Number 10’s decision to kill off the idea of taking free milk out of the mouths of poor children was as wise as it was quick.
What on earth possessed Anne Milton to try to emulate Mrs Thatcher’s ‘Milk Snatcher’ epithet?
In her letter she candidly admitted that this was cost-cutting measure and that it would hit the poorest and least well-nourished children. There is tons of evidence linking poor diet to all sorts of bad educational and developmental outcomes for low-income kids.
Perhaps it was all part of the ‘strategy’ of getting the bad news out of the way early in the parliament. There is always the temptation to float some really dodgy ideas so that you can appear moderate when you rein in errant ministers. But there is always a danger that you leave a sour taste in the mouths of voters.
Back in 1971 it was actually local authorities who led opposition to Mrs Thatcher’s decision to cancel deliveries of all those luke-warm little bottles. This time it was trending on Twitter within minutes of breaking on broadcast news. As @PaulWaugh pointed out, Number 10’s quashing of the idea came too late for Education Minister David Willets who was already being grilled upon it on the BBC’s morning politics show.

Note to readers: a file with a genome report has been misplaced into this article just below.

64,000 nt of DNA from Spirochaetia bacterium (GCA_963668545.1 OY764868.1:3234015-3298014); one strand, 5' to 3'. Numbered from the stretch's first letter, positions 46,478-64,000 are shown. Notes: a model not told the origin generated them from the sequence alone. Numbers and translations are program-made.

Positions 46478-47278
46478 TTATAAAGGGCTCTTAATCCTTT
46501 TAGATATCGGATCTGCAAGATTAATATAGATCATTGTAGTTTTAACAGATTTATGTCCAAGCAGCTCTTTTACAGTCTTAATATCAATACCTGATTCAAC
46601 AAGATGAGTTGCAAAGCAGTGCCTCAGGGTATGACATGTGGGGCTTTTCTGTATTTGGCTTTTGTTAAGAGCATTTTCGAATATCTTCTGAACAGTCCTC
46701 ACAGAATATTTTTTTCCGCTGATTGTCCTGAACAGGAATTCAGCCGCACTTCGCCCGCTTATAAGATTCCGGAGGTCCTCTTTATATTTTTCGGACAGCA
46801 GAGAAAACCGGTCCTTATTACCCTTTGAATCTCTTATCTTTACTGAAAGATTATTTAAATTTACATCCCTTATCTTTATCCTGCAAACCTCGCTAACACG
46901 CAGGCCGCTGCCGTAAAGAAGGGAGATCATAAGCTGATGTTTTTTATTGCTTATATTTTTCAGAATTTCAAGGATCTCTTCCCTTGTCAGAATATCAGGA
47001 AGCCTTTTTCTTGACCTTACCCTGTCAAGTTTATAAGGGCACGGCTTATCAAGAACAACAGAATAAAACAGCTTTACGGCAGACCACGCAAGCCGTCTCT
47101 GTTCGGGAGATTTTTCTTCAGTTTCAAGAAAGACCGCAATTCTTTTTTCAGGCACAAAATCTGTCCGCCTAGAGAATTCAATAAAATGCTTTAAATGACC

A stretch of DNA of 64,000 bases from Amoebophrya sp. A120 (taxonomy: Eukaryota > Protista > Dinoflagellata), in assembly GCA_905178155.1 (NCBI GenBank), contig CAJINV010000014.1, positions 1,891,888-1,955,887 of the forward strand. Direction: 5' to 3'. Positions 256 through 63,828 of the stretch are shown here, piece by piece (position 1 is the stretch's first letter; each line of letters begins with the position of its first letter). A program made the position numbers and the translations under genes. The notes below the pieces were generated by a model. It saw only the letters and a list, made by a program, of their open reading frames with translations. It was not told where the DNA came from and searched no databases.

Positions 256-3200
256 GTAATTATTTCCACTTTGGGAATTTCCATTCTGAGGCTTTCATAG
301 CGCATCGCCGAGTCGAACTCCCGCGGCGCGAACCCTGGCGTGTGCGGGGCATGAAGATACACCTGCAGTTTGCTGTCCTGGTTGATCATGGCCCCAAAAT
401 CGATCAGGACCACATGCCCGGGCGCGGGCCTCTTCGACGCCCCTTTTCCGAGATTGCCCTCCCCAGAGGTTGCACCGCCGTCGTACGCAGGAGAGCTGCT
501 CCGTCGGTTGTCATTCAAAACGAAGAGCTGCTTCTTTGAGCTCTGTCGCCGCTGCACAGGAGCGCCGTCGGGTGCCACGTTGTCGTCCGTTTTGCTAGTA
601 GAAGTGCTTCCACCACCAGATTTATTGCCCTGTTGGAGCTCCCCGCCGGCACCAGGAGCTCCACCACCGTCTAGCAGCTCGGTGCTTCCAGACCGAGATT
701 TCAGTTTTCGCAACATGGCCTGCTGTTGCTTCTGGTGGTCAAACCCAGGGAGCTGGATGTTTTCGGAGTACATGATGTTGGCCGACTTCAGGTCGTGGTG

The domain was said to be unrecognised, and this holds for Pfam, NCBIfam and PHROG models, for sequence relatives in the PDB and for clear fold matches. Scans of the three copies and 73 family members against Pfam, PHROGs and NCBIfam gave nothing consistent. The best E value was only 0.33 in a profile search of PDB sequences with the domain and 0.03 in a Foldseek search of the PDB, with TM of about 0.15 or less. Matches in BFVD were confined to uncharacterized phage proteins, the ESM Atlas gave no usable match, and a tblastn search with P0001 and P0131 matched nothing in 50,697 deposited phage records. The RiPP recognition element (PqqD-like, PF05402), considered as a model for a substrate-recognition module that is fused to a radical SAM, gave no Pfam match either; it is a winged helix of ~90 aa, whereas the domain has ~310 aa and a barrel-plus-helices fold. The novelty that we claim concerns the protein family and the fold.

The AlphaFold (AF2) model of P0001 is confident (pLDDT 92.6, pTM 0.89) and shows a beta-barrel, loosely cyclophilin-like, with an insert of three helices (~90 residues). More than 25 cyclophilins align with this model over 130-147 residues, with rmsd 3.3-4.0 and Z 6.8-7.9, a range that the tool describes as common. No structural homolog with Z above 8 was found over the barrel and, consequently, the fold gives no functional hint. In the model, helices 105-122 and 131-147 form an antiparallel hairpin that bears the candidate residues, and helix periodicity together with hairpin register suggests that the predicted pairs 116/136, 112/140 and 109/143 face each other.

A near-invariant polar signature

It seems to be a good example of how the coalition PR machinery is still relatively relaxed compared to the pager culture of early New Labour. Milton obviously felt it was fine to float such a toxic idea in an honest and open way without running it past Cameron’s spin-doctors or even the advisers within her own department. Either that or the SPADS and spin doctors were a) incompetent or b) very brave. The speed with which the idea was killed off reminds us that the Prime Minister’s early career was in public relations. He also is enough of a career Conservative wonk to know how damaged Thatcher was by what appeared to be a callous and small-minded cut.
Of course, Milton may have been right. The health benefit of feeding frothing fat suspended in water to the nation’s bairns is at least debatable. And certainly the delivery mechanism of such a universal benefit will always be questioned at a time of fiscal stringency. But that rational debate has been swept aside in the wake of this small, but perfectly-formed PR own-goal.
It makes you wonder how they will play the much tougher decisions that are still to come.